For decades, something was missing in patient care. Crucial quality and safety-improvement professionals involved in healthcare delivery were formerly not located in the places where care was actually provided. This often resulted in a disconnect that fragmented healthcare quality, safety, and improvement. According to Reid and Dennison, in their article The Clinical Nurse Leader (CNL)®: Point-of-Care Safety Clinician, “The role of the Clinical Nurse Leader (CNL)® restores this vital connection. The CNL is a clinician who brings the locus of control for safe and quality care from the administrative areas straight to the unit’s providers who deliver the services. “
The American Association of Colleges of Nursing (AACN) white paper in 2007 proposed a new role in nursing: Clinical Nurse Leader (CNL) to improve the health care outcomes (Sotomayor, 2017). The aim of the CNL is to utilize a master prepared nurse to practice across the continuum of care within diverse healthcare setting in today’s changing healthcare environment (AACN, 2013).
You make great points analyzing the evolution of Clinical Nurse Leader (CNL). It was interesting to learn that the CNL was the first new role in nursing since the nurse practitioner was introduced over many years ago. “The CNL evolved after the AACN convened a task force to identify ways to improve quality of patient care and determine how to prepare nurses with the skills and competencies needed to thrive in the current and future healthcare system” (Stavrianopoulos, 2012). In the health care organizations, CNLs play a significant role and are responsible for patient outcomes by applying evidence-based practices. They design, implement, and evaluate patient care by coordinating, delegating, and supervising the care provided by the healthcare
identify the educational preparation and role(s) of the clinical nurse leader (CNL) designation. Give an example of how the CNL influences direct patient care whether in a hospital or out in the community.
Today professional nursing leaders are multifaceted; they teach, mentor and motivate the staff to do more with less all while balancing the financial restrictions found in healthcare. The nurse leaders of today must learn from the past, absorb the present, and prepare for the future. As healthcare in America changes, so too does the nursing profession and the nursing leaders have the responsibility to keep up with the changes.
When one thinks of leaders, they think of those who hold a high profile position or someone who is highly visible in the public eye. A leader, regardless of prestige is someone who can easily influence and inspire the actions and goals of others. The definition of a leader in Nursing Leadership and Management in Nursing states, “leadership is commonly defined as a process of influence in which the leader influences others towards goal achievement (Kelly, 2012 p.2). Leaders are needed at all levels and nurses take a leadership role by being advocates for their patients. There are many leadership theories and styles in nursing but this paper will focus on transformational leadership and its application to nursing. Transformational leadership is important in nursing, due to its ever changing and ever evolving healthcare methods and technology.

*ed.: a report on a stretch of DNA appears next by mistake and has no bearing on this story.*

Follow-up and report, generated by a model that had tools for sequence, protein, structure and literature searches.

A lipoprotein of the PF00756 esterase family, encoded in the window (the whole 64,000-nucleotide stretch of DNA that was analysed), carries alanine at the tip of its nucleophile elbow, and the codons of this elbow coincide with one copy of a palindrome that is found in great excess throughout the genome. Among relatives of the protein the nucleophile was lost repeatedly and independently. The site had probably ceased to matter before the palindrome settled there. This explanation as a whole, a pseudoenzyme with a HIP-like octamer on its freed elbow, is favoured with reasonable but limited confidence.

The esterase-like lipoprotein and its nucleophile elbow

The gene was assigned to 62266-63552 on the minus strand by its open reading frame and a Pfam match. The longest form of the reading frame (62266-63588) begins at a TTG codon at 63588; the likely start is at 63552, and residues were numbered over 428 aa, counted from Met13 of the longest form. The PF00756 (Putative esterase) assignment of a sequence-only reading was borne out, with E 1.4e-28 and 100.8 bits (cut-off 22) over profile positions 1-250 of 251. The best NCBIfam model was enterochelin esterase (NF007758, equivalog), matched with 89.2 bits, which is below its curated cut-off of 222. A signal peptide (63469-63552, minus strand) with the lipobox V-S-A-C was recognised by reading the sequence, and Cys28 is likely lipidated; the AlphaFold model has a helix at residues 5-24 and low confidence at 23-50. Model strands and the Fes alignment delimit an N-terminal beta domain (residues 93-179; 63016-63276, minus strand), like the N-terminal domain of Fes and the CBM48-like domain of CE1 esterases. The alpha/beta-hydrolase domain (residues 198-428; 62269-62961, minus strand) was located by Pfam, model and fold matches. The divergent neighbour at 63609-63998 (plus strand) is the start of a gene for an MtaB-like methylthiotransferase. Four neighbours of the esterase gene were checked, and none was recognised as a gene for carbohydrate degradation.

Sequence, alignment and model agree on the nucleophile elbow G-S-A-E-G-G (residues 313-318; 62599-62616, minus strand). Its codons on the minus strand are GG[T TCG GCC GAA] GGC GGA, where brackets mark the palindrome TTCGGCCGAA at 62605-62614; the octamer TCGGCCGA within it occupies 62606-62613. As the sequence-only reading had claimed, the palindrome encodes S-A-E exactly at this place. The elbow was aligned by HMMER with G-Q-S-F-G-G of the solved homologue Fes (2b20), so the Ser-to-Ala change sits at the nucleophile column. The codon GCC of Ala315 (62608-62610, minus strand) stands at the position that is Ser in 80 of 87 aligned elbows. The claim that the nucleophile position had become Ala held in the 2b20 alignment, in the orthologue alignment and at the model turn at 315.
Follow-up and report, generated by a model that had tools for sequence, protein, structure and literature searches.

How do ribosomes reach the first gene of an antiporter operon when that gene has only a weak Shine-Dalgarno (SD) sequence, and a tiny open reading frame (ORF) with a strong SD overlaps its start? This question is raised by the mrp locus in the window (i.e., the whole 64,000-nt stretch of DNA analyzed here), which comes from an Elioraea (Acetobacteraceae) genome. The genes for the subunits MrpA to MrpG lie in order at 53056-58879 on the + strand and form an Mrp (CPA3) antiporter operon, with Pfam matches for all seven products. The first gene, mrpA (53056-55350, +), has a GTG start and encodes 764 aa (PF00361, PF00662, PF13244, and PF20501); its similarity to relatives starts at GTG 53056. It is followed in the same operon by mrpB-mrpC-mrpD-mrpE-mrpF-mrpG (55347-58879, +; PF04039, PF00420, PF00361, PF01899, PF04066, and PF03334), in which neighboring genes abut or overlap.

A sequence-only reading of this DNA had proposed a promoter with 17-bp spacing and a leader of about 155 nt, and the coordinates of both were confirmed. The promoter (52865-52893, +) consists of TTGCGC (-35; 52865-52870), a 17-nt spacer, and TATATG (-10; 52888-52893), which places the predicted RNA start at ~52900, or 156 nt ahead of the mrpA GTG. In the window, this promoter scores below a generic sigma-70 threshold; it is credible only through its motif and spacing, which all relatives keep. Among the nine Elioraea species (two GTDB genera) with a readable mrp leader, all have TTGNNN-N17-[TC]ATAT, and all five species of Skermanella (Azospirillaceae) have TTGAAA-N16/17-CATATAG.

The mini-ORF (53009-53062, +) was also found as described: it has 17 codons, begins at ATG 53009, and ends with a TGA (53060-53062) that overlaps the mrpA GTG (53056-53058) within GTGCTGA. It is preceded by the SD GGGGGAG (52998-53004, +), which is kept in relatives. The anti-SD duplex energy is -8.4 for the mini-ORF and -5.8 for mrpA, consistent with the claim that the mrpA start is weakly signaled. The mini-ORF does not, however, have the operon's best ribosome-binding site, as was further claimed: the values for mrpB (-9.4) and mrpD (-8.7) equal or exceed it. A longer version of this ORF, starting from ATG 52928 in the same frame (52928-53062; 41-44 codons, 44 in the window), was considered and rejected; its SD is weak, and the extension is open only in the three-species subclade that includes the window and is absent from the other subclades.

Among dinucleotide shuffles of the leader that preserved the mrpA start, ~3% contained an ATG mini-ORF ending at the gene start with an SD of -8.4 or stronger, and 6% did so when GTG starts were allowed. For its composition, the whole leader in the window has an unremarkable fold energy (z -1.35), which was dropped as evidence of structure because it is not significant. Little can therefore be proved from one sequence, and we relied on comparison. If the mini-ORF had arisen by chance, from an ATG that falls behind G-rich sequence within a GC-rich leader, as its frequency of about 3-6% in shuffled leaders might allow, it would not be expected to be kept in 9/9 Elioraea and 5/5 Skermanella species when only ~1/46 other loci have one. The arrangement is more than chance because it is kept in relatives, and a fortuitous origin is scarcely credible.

This paper aims to address and discuss about the leadership and management of the nurse leader interviewed. This experience was a great opportunity to witness first hand how a nurse leader cultivate and manage their staffs in real life setting. Moreover, it provides a great access to gain insight and knowledge about nurse leaders’ vital responsibilities and role diversities in the organizations they work with. Nurse leaders pay more specific and close attention in handling the staffs and most importantly, patient care.
In both case studies, I think you have done an excellent job identifying the patients’ risk factors. As a Clinical Nurse Leader it is important to educate patients on both modifiable risk factors and non-modifiable risk factors. You identified modifiable risk factors like obesity, physical activity and tobacco use. You also identified a non-modifiable risk factor: family history. Some other non-modifiable risk factors are: age, gender, and ethnicity.